For my March Biography Book, I went outside the box and picked a Memoir. I was also able to review this book as part of Blogging For Books, which is a website that sends bloggers books to review. Once you post your review of the book, you can request another book to review. It’s a great site that I’m excited to be working with. All of the opinions of this book and any that I review are my own and I am not being paid to review them. **If only I was lucky enough to get paid to read!! Anyway, onto the review.
I picked this book because Andie has struggled with her weight and food and I thought that since I myself have been on a weight loss journey I would probably find it interesting. I did, but I also found it a struggle and kind of sad to hear how she felt and the struggles that she faced. I was never as large as she was and I didn’t consider myself fat, but it is a real struggle when you realize you need to make a change and accept that it won’t be easy.
The book started with her as a child and I instantly felt sorry for her. Her father was an alcoholic and her mother worked many jobs to support them. She felt so alone and turned to food for comfort. It was hard to read this part of the book because it makes you think of your family and how they are. I worry about my children and if they hide emotions from us. (I did reassure myself that my children are happy and I would notice if they were sad and lonely).
As the story progressed and Andie grew older, she accepted herself and her imperfections. I know that feeling. I was relieved to read this part, it seemed real to me. She had what seemed to be a very nice high school experience. She learned along the way and had a wonderful personality and people didn’t treat her as the fat girl. Only on a few occasions did she put herself down, mostly she accepted herself, which freed her of the guilt she felt and allowed for happiness to find her.
As she went away to college, she was accepted (except on a rare occasion) and happy. As the college years added up, so did her weight. When her mom arrived one day, after not seeing her for a while, she was shocked at how big Andie had gotten. It was the look on her mother’s face that told her it was time to take weight loss seriously. She did just that. She lost weight and learned to control portions. She found that she didn’t need the food as comfort. It wasn’t easy. She found doctors that helped her. She was prescribed medication to help. The doctor told her “The medication won’t make you happier or fix any of your problems, but it will help to lift the heavy cloud that is weighing you down and making you feel hopeless.”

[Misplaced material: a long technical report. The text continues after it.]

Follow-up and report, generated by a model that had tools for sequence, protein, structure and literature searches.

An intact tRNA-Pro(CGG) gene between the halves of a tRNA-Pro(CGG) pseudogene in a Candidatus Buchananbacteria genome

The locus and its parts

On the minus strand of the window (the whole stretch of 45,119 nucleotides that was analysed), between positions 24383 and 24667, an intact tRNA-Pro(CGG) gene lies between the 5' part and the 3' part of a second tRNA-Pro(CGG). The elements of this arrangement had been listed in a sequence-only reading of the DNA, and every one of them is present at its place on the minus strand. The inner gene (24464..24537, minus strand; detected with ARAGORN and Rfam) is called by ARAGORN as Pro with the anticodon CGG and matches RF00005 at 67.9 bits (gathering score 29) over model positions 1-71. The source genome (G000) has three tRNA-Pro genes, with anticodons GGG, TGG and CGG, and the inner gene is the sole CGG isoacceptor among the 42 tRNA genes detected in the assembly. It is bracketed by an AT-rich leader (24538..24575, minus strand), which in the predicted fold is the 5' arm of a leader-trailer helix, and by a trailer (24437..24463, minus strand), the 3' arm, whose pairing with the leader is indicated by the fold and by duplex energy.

She discovered exercise to help her weight loss and to help relax her after a long day of work (here is where it got a little close to home). She enjoyed her workouts and knew that they helped her to reach her goals, but what she wasn’t expecting was the problem: “Although I’d worked hard to mend my disordered eating, now I had to face another truth: I was addicted to exercise.” Thankfully I don’t feel like I am addicted to exercise, but I can understand what she is talking about and I really enjoyed this part of her journey. The other quote that I found hit very close to home was: “The thinness I’d achieved came with its own brand of indignity. It was fear of gaining back each pound, of proving myself a failure, that plagued me. I know that fear, I live that fear.
As she found a career for herself, I enjoyed the book more and more. I may not have know who Andie Mitchell was before I read this book, but I now feel a connection to her. I’m glad I picked this book and would suggest you give it a read too. I don’t think you’ll be sorry.
There are a few other quotes I found worthy of a mention:
“When you are big for twenty years, the only twenty you’ve ever know, you’ll kindly not frown upon two decades. You’ll know who you are was formed in there, and that is beautiful. Quite simply, beautiful.”
“ I will always know fat. And love who she was. And know that fat, in itself, is not a bad word. I’ll own it and respect those twenty years. They were hard, but they were sweet, too. I grew up in that body, in that time, in that big, beautiful mind. I will always know thin. And love who she is. And know that even when she feels heavier mentally, she’s freer now. She’s effervescent. Small, but tough.”
You can check up on Andie on her website: Can You Stay for Dinner?